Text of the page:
– An industrial forum with focus on Graphene Commercialization (Abalonyx, Alcereco Inc, AMO GmbH, Avanzare, AzTrong Inc, Bosch GmbH, China Innovation Alliance of the Graphene Industry (CGIA), Durham University & Applied Graphene Materials, Fujitsu Laboratories Ltd., Hanwha Techwin, Haydale, IDTechEx, North Carolina Central University & Chaowei Power Ltd, NTNU&CrayoNano, Phantoms Foundation, Southeast University, The Graphene Council, University of Siegen, University of Sunderland and University of Waterloo)
– Extensive thematic workshops in parallel (Materials & Devices Characterization, Chemistry, Biosensors & Energy and Electronic Devices)
– A significant exhibition (Abalonyx, Go Foundation, Grafoid, Group NanoXplore Inc., Raymor | Nanointegris and Suragus GmbH)

As I noted in my 2015 post about Graphene Canada and its conference, the group is organized in a rather interesting fashion and I see the tradition continues, i.e., the lead organizers seem to be situated in countries other than Canada. From the Aug. 31, 2016 news item on Nanotechnology Now,

Organisers: Phantoms Foundation [located in Spain] www.phantomsnet.net
Catalan Institute of Nanoscience and Nanotechnology – ICN2 (Spain) | CEMES/CNRS (France) | GO Foundation (Canada) | Grafoid Inc (Canada) | Graphene Labs – IIT (Italy) | McGill University (Canada) | Texas Instruments (USA) | Université Catholique de Louvain (Belgium) | Université de Montreal (Canada)

You can find the conference website here.

Teleporting photons in Calgary (Canada) is a step towards a quantum internet

Scientists at the University of Calgary (Alberta, Canada) have set a distance record for the teleportation of photons and you can see the lead scientist is very pleased.

Wolfgang Tittel, professor of physics and astronomy at the University of Calgary, and a group of PhD students have developed a new quantum key distribution (QKD) system.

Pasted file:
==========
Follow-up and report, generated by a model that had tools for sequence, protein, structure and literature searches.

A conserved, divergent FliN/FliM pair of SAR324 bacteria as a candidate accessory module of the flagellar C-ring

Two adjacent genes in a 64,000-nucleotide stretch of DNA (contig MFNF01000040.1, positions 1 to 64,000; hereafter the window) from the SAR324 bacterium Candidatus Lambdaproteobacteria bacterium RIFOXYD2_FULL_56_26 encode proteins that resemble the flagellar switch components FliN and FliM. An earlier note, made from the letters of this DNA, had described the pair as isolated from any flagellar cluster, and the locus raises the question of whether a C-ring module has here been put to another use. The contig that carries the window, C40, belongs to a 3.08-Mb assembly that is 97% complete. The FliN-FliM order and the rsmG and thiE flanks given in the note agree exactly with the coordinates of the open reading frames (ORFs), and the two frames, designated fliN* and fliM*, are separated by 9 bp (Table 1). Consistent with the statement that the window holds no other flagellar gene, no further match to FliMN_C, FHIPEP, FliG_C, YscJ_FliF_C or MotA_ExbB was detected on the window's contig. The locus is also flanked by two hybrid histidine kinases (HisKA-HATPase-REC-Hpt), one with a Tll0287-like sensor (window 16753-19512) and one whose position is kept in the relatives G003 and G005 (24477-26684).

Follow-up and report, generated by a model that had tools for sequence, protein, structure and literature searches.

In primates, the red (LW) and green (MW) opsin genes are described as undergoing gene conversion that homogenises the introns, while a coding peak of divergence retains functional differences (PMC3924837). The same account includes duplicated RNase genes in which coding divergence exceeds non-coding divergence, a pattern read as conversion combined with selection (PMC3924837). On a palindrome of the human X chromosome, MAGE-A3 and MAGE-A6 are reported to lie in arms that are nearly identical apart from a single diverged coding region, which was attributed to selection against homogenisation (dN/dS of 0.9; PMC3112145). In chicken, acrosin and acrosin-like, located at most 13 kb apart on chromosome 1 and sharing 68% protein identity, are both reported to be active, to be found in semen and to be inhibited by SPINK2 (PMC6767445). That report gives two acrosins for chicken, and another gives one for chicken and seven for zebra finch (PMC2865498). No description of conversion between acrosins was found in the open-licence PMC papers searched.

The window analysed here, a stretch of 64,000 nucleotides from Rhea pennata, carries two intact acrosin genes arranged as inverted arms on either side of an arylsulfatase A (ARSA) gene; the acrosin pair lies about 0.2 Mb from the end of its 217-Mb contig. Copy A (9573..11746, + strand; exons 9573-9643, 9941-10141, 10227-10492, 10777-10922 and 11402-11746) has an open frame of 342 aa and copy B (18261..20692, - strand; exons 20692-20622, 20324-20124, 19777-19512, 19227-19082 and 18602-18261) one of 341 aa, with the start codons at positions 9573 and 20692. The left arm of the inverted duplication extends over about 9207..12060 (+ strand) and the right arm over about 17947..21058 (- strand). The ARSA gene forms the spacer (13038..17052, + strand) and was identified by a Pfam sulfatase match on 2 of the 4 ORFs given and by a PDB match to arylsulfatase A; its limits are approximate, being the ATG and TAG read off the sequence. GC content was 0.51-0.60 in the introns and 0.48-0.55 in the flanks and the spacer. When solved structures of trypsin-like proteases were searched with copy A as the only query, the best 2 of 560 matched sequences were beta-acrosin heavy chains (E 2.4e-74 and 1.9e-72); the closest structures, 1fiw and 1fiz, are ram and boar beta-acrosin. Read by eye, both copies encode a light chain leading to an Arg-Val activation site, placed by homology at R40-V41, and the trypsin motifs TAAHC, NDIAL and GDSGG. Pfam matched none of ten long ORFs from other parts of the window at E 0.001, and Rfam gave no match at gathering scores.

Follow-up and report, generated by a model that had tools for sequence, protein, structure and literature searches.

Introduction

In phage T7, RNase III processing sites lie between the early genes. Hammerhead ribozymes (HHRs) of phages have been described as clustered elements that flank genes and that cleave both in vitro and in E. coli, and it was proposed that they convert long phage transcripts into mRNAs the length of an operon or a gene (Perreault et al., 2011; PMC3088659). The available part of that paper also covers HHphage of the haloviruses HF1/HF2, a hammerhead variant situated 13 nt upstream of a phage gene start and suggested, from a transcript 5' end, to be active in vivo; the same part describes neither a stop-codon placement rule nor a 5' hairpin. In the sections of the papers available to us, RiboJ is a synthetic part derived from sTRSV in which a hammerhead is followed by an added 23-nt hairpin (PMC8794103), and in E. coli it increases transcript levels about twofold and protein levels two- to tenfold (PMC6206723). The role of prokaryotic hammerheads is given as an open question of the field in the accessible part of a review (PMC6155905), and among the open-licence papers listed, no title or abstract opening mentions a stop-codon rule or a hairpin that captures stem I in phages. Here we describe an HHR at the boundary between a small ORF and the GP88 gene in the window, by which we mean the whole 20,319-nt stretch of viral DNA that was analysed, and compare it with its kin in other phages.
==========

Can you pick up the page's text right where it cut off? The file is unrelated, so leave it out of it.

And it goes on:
Wolfgang Tittel, professor of physics and astronomy at the University of Calgary, and a group of PhD students have developed a new quantum key distribution (QKD) system.

A Sept. 21, 2016 news item on phys.org makes the announcement (Note: A link has been removed),

What if you could behave like the crew on the Starship Enterprise and teleport yourself home or anywhere else in the world? As a human, you’re probably not going to realize this any time soon; if you’re a photon, you might want to keep reading.

Through a collaboration between the University of Calgary, The City of Calgary and researchers in the United States, a group of physicists led by Wolfgang Tittel, professor in the Department of Physics and Astronomy at the University of Calgary have successfully demonstrated teleportation of a photon (an elementary particle of light) over a straight-line distance of six kilometres using The City of Calgary’s fibre optic cable infrastructure. The project began with an Urban Alliance seed grant in 2014.

This accomplishment, which set a new record for distance of transferring a quantum state by teleportation, has landed the researchers a spot in the prestigious Nature Photonics scientific journal. The finding was published back-to-back with a similar demonstration by a group of Chinese researchers.

A Sept. 20, 2016 article by Robson Fletcher for CBC (Canadian Broadcasting News) online provides a bit more insight from the lead researcher (Note: A link has been removed),